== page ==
Students, parents push for gun control at Montgomery March for Our Lives

Students, parents push for gun control at Montgomery March for Our Lives
Published: Mar. 24, 2018 at 5:55 PM CDT|Updated: Mar. 25, 2018 at 11:25 AM CDT
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(Source: WSFA 12 News)
(Source: WSFA 12 News)
(Source: WSFA 12 News)
(Source: WSFA 12 News)

MONTGOMERY, AL (WSFA) - Many gathered in downtown Montgomery Saturday, comprised of mostly children and their families as they called on lawmakers to pass laws that would protect them in schools. It's called the March for Our Lives, and it's taking place all over the United States.

The march is a response to the Parkland, Florida, high school shooting that happened last month. As young students marched down the streets near the Alabama State Capitol, many carried signs that said different things, but all with the same message. They were advocating for gun control and more gun reform laws.

"Something should've been done about this a long time ago it's even sad that we have to get to this point and say that this is happening on a daily basis or occurring quite frequently," said Park Crossing High School student Nicolas Johnson.

Johnson is only 17, but he still was the person to organize the march that happened downtown Saturday.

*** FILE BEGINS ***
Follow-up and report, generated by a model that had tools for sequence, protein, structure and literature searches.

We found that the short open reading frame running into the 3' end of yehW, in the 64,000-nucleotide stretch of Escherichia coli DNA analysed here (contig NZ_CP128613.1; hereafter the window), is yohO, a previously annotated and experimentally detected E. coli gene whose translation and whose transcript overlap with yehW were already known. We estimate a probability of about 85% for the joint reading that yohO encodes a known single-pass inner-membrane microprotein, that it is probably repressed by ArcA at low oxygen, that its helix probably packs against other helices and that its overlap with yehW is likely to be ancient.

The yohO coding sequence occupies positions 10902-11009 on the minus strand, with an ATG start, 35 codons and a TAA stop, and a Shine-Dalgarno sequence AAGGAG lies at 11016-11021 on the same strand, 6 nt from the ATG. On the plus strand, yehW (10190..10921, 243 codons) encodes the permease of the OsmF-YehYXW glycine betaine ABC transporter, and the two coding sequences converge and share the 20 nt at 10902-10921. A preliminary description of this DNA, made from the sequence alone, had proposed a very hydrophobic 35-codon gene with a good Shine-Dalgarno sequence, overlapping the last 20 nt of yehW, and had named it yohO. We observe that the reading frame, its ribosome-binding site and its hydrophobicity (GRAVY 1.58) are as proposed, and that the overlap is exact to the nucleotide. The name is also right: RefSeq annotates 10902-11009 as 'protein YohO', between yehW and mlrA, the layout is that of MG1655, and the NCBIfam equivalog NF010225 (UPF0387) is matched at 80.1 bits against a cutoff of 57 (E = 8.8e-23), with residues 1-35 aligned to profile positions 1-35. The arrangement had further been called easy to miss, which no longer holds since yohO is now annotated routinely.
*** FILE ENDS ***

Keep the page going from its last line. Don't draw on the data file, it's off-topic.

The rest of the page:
"Students shouldn't have to go to school and worry about coming home. Parents shouldn't have to worry about their child coming home you know that is obviously ridiculous," he said.

Johnson said that if the legislators fail in the initiative to create gun control, then they will be voted out in the November elections.

"I wanna see sensible legislation passed such as more background checks more resource teachers or resource officers put into our schools more metal detectors in our schools and hopefully a ban on assault weapons," said Johnson.

Other students that attended the march felt the same.

"If we're not safe in like school then where are we safe?" said student marcher Eric Gage.

"It can easily be Montgomery, Alabama next," said student marcher Aniya Fleets-Giles.

Alyssa Morris was one of the parents that attended the march in support of her child, and said her son should not have to worry about his safety at school.

"He should not be afraid to go to school and I shouldn't be afraid to send him there. His generation gives me hope that something will get accomplished," Morris said.

Students were not alone, teachers were also a part of the march at the Alabama State Capitol as well.

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